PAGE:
Monday, April 30, 2012

Photographs at the Guggenheim

I love to take pictures of the reflections of museum-goers in the glass that covers photographs. I think this makes for fascinating images. For instance,

Art museums inevitably prohibit taking pictures of exhibits, but I do it anyway, surreptitiously. I justify it by saying that I'm not trying to capture images of what's being exhibited, so why should it matter?

Last week I was at the Guggenheim with my friend A., and I took this picture without anyone saying anything:
The photograph whose glass the figures are reflected in is by Francesca Woodman (the exhibit was very thought-provoking for me, and very intense), as are the photographs in the reflection. (What does this image mean? I really haven't reflected on it (ha), and really I feel that I should have to imbue it with meaning. I think it can just be interesting and perhaps beautiful.)

Then I took this picture, pointing the camera down over the railing--

--and an elderly lady yelled at me in accented English for it--even though it wasn't of the art at all, but of the party being set up on the ground floor. I really don't understand what bothered her so much about the fact that I took this photograph; presumably she simply felt that the rule must be followed exactly as written: "Picture taking prohibited above this [the ground] level."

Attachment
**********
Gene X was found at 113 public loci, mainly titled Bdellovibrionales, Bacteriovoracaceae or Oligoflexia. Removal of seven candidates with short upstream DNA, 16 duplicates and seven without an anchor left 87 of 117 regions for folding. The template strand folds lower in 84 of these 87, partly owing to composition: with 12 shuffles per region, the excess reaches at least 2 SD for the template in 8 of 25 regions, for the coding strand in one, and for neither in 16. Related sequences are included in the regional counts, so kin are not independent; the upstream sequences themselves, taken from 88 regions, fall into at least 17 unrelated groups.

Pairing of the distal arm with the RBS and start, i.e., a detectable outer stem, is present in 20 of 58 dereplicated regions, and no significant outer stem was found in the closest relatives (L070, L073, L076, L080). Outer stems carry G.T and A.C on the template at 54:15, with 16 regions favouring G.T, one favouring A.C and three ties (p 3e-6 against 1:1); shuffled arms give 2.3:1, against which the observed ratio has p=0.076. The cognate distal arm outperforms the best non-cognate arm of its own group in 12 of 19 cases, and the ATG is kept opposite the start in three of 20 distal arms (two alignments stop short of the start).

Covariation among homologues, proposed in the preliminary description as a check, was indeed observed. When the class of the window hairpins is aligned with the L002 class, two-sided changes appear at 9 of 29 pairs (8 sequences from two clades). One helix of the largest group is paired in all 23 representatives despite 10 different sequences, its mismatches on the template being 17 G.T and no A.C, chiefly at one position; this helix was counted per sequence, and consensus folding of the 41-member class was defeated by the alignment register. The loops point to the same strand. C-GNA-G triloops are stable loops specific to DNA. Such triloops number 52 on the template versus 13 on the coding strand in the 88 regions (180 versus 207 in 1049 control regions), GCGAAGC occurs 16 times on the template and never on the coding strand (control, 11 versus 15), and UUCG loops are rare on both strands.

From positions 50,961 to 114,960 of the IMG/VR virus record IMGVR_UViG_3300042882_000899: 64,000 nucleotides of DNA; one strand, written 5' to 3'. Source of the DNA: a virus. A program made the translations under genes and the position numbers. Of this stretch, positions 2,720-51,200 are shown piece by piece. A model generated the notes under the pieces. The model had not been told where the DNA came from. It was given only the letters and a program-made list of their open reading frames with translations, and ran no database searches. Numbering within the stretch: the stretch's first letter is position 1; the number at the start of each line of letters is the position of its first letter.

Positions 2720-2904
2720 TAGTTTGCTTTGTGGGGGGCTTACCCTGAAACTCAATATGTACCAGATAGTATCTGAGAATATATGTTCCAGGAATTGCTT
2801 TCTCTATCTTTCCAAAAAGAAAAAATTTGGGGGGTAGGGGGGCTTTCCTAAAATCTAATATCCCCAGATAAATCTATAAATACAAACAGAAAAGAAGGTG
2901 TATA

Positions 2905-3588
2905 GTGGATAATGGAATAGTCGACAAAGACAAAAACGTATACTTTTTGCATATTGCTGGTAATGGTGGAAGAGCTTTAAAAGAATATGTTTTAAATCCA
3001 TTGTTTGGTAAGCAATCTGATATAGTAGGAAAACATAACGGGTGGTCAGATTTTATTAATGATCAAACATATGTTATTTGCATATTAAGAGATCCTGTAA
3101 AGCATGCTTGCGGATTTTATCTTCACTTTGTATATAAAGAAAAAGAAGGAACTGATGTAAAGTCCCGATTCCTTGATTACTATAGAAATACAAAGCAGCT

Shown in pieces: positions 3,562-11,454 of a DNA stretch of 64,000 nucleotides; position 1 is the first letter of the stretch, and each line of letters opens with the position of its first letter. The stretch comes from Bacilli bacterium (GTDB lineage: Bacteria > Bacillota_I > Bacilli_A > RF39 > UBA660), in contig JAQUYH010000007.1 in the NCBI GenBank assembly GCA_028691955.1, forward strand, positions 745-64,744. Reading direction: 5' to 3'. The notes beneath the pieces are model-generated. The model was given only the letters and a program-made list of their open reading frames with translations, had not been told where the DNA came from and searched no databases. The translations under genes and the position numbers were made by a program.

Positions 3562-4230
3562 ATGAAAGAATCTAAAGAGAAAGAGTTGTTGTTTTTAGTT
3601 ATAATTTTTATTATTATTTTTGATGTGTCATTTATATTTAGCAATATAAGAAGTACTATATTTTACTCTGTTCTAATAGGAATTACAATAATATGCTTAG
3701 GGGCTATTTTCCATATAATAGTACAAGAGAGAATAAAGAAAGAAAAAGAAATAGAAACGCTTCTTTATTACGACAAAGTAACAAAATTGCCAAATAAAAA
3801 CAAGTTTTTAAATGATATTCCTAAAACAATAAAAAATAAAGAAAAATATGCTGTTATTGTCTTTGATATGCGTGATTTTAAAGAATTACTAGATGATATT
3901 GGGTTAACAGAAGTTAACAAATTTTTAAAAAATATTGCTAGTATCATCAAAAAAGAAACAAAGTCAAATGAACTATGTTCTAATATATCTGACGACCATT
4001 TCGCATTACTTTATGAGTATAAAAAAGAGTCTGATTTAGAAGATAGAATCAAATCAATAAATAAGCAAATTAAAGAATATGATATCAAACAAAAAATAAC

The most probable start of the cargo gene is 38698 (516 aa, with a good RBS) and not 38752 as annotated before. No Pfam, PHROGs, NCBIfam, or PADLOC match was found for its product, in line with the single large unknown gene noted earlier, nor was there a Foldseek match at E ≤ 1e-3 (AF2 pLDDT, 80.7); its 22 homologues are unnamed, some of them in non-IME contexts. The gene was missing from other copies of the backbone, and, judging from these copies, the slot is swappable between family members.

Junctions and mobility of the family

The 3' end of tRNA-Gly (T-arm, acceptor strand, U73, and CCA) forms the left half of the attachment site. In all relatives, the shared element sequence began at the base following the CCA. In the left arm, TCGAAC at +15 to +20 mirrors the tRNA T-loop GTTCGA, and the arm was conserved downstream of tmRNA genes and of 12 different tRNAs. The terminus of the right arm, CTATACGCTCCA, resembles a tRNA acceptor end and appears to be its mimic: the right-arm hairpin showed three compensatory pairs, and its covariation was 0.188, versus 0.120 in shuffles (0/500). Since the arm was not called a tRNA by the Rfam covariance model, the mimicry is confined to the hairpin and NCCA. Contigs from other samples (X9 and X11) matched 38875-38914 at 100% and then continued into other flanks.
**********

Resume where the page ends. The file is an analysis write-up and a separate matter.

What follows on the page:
If someone had come up and told me I shouldn't be taking pictures of the art on display, I would have understood and felt that they were in the right and I was most likely in the wrong; but as it was, I was only irritated, not abashed. I don't suppose this says anything good about me. But at least I have the pictures to show for the experience.

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